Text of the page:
OBJECTIVE Glucosamine is a widely used supplement typically taken for osteoarthritis and joint pain. Emerging evidence suggests potential links of glucosamine with glucose metabolism, inflammation, and cardiometabolic risk. We prospectively analyzed the association of habitual glucosamine use with risk of type 2 diabetes (T2D) and assessed whether genetic susceptibility and inflammation status might modify the association. RESEARCH DESIGN AND METHODS This study analyzed 404,508 participants from the UK Biobank who were free of diabetes, cancer, or cardiovascular disease at baseline and completed the questionnaire on supplement use. Cox proportional hazards models were used to evaluate the association between habitual use of glucosamine and risk of incident T2D. RESULTS During a median of 8.1 years of follow-up, 7,228 incident cases of T2D were documented. Glucosamine use was associated with a significantly lower risk of T2D (hazard ratio 0.83, 95% CI 0.78-0.89) after adjustment for age, sex, BMI, race, center, Townsend deprivation index, lifestyle factors, history of disease, and other supplement use. This inverse association was more pronounced in participants with a higher blood level of baseline C-reactive protein than in those with a lower level of this inflammation marker (P-interaction = 0.02). A genetic risk score for T2D did not modify this association (P-interaction = 0.99). CONCLUSIONS Our findings indicate that glucosamine use is associated with a lower risk of incident T2D.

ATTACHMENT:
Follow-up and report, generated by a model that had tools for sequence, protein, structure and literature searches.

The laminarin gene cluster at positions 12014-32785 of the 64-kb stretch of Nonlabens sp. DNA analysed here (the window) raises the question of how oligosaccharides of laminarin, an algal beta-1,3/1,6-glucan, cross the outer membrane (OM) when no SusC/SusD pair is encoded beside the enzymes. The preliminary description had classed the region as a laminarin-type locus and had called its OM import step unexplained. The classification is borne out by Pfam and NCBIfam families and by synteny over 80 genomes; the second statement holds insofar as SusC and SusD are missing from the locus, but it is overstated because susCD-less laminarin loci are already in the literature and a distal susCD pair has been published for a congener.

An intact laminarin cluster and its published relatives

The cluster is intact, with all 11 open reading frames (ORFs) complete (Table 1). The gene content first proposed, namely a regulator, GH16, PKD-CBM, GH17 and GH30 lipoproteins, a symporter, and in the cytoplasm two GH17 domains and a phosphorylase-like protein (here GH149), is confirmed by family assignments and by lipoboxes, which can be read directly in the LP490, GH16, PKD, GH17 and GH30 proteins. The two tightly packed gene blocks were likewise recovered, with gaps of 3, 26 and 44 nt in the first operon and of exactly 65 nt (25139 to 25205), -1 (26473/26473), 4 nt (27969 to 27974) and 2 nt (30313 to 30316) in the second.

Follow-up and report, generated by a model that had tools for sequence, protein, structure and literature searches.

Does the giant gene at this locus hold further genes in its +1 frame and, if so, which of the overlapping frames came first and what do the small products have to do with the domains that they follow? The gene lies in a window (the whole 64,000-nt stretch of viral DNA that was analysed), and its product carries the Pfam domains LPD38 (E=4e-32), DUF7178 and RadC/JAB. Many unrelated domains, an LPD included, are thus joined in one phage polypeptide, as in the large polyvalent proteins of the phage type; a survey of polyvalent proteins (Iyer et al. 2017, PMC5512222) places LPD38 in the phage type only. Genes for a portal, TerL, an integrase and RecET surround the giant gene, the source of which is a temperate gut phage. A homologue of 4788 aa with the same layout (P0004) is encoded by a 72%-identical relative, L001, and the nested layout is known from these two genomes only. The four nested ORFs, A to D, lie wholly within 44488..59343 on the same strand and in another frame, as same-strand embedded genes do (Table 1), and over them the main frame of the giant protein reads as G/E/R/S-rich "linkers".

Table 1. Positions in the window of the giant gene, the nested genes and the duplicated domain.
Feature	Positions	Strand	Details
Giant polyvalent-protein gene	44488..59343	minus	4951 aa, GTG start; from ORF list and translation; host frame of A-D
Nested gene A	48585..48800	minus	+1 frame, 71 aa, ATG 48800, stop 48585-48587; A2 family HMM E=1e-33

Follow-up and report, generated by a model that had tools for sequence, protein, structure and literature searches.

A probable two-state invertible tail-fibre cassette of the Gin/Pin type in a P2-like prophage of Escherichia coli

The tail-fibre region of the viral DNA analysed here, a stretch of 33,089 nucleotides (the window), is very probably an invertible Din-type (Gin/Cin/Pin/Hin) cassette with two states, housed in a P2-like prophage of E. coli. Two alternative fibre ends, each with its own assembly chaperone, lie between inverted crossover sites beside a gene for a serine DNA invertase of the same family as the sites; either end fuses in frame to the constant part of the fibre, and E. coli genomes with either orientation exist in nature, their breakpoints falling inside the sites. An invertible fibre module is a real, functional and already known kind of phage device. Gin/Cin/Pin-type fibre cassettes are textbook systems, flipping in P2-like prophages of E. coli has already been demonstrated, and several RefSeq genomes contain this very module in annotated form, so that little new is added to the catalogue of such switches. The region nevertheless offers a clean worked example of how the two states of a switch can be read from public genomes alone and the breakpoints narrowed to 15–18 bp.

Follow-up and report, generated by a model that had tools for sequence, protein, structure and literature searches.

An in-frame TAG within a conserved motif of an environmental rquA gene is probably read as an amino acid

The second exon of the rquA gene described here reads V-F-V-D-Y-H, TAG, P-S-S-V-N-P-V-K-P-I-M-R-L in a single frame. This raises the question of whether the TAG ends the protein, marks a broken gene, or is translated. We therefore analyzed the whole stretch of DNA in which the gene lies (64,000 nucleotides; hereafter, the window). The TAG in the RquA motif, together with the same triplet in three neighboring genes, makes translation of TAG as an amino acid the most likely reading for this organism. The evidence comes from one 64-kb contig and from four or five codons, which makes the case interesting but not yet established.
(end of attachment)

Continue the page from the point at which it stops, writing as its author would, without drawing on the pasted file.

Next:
OBJECTIVE We aimed to evaluate trends in bone mineral density (BMD) and the prevalence of osteoporosis/osteopenia in U.S. adults with prediabetes and normal glucose regulation (NGR) and further investigate the association among prediabetes, osteopenia/osteoporosis, and fracture. RESEARCH DESIGN AND METHODS We collected and analyzed data from the U.S. National Health and Nutrition Examination Surveys during the period from 2005 to 2014. Femoral neck and lumbar spine BMD data were available for 5,310 adults with prediabetes and 5,162 adults with NGR >40 years old. RESULTS A shift was observed toward a lower BMD and a higher prevalence of osteopenia/osteoporosis at the femoral neck and lumbar spine in U.S. adults >40 years old with prediabetes since 2005, especially in men 40 years old with NGR. Moreover, prediabetes was associated with a higher prevalence of hip fracture, although participants with prediabetes had higher BMD and a lower prevalence of osteopenia/osteoporosis at the femoral neck. CONCLUSIONS There was a declining trend in BMD from 2005 to 2014 in U.S. adults >40 years old with prediabetes and NGR, and this trend was more significant in men <60 years old. Populations with prediabetes may be exposed to relatively higher BMD but a higher prevalence of fracture.